Fresh air, clean water, and a healthy environment: priceless, right? Perhaps not.
Banking Nature asks its viewers to confront the vitally important, yet somewhat discomforting, question of whether we’ve sold-out Mother Nature. By putting a price on services that nature provides to humans – like the purification of air by forests - are we strategically embracing market logic to prevent future environmental harm? Or are we paving a dangerous path toward the commodification of nature by profit-driven corporations and banks?
Dominated by interview footage contrasting the viewpoints of advocates and detractors of environmental valuation, Banking Nature spans the fundamental divide between those who consider nature to be intrinsically priceless, and those who think environmental pricing and markets are necessary to reduce and prevent ongoing harm. The former considers any attempts at market valuation to be morally misguided and practically ineffective, and the latter cites the historical failures of traditional approaches to environmental conservation.
To get a sense of the importance and magnitude of this debate, consider bees. If bees no longer pollenated food crops, and humans were paid to do the work instead, it would cost an additional 200 billion dollars per year to produce food for the world. The film suggests that losses in ecosystem services, due to environmental degradation, amount to a staggering 2 to 4 trillion dollars per year. These are services that are currently provided to us by nature, for free. The implication is that as humans continue to degrade the environment, these services will become more and more scarce and may disappear altogether, causing disastrous consequences.
This is where the logic of environmental pricing makes its case. If we put a price on these services, similar to any other service you might buy in a market, there might be an opportunity to save the environment and turn a healthy profit. Sounds good, doesn’t it? Well, maybe.
The film documents cases of failure and manipulation of these market mechanisms, using examples of endangered species ‘mitigation banks’ in the United States, carbon credit offsets in Europe, and numerous others. My impression is that the balance of evidence here was shifted toward highlighting the flaws of environmental pricing and failed to mention some inspiring historical successes. For example, a significant success story is the use of a ‘polluter pays’ pricing mechanism, called cap and trade, in the United States to address the acid rain problem of the 1990s.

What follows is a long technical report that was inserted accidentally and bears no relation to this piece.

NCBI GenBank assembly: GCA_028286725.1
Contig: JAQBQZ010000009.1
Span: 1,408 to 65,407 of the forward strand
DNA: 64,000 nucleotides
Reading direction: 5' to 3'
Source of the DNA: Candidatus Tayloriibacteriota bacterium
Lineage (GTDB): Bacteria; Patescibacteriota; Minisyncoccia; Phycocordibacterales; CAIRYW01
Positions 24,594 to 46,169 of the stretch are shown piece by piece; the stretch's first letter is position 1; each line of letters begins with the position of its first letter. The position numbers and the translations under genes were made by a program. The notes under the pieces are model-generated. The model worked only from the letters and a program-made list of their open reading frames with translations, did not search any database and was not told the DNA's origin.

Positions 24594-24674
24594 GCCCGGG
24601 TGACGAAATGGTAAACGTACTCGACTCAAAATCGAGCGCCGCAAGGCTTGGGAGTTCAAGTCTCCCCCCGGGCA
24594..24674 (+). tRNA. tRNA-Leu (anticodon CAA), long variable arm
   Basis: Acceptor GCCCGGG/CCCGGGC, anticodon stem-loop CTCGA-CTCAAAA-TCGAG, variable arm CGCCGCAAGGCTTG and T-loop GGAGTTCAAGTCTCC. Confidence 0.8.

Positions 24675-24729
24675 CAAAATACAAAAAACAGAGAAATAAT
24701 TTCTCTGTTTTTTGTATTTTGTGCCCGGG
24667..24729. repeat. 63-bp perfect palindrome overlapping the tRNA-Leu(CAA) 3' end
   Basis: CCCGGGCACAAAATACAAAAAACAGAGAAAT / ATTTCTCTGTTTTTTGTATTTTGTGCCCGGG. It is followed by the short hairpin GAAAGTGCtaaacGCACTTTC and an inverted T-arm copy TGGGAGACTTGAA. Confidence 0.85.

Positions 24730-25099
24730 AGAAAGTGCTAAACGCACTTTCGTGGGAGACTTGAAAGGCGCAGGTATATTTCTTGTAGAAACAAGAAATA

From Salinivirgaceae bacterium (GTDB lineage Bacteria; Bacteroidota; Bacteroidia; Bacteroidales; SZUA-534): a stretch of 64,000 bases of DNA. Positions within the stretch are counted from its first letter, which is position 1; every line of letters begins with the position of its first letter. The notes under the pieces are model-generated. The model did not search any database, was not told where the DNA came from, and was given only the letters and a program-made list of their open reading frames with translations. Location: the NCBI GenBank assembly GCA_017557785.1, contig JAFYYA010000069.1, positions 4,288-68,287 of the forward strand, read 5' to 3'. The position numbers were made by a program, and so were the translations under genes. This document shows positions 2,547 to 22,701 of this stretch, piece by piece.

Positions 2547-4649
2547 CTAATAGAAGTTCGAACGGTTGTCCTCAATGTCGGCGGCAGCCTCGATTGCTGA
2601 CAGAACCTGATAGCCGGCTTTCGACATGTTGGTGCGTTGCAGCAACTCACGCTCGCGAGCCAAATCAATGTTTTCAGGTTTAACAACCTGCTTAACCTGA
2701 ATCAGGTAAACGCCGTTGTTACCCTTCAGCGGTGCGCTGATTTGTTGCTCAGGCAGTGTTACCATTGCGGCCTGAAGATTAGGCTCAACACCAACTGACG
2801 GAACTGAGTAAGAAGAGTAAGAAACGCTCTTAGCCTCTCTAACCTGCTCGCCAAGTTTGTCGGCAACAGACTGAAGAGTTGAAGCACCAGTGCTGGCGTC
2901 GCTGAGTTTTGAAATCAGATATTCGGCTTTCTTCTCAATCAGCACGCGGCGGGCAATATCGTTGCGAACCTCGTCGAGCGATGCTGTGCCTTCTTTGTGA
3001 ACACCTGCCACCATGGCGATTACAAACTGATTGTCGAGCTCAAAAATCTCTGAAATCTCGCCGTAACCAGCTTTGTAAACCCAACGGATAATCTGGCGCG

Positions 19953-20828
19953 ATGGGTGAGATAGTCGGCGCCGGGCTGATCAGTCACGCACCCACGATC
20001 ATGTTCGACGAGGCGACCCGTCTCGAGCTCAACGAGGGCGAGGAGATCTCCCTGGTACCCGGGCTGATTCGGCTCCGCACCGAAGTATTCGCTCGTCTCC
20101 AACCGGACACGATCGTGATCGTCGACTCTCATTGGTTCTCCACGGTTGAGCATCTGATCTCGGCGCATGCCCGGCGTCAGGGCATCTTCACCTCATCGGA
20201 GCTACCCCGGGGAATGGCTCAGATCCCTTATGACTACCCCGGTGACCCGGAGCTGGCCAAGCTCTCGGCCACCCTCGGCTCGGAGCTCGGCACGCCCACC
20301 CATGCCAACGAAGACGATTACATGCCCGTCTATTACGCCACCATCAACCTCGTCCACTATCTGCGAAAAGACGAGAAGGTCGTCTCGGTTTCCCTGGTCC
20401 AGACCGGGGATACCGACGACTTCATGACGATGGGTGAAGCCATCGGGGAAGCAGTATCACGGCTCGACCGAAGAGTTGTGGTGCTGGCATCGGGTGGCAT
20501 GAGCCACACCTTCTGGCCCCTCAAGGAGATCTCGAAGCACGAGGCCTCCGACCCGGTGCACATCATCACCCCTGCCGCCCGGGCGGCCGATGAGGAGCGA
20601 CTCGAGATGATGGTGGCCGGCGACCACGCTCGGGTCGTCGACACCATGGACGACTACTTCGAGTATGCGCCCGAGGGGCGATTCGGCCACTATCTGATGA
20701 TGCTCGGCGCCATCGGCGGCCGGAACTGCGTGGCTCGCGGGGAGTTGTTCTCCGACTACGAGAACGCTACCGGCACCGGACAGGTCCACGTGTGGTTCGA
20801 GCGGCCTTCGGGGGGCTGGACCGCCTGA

It’s here I’m reminded of what is crucially important for the environmental outcomes of these market-based tools: policy details. How governments construct and enforce policies and regulations for environmental pricing, and not necessarily the mechanisms themselves, will ultimately dictate their potential for success. When considering the case studies that were used, I couldn’t help but think that film didn’t do justice to some of these important nuances. Overall, however, Banking Nature presents a balanced expression of opinions and commendably avoids explicitly vilifying environmental pricing advocates.
For those of you interested in effecting meaningful environmental change in the world, Banking Nature will cause you to re-think what tools are available to help to achieve your environmental objectives. Whether you embrace working from within the current economic system, or prefer targeting you efforts from the outside in, the film will leave you better equipped to reflect on the effectiveness of these strategies. There are no black and white conclusions, but the film presents a thoughtful and fair dialogue that should resonate with viewers from a diversity of backgrounds and value-orientations.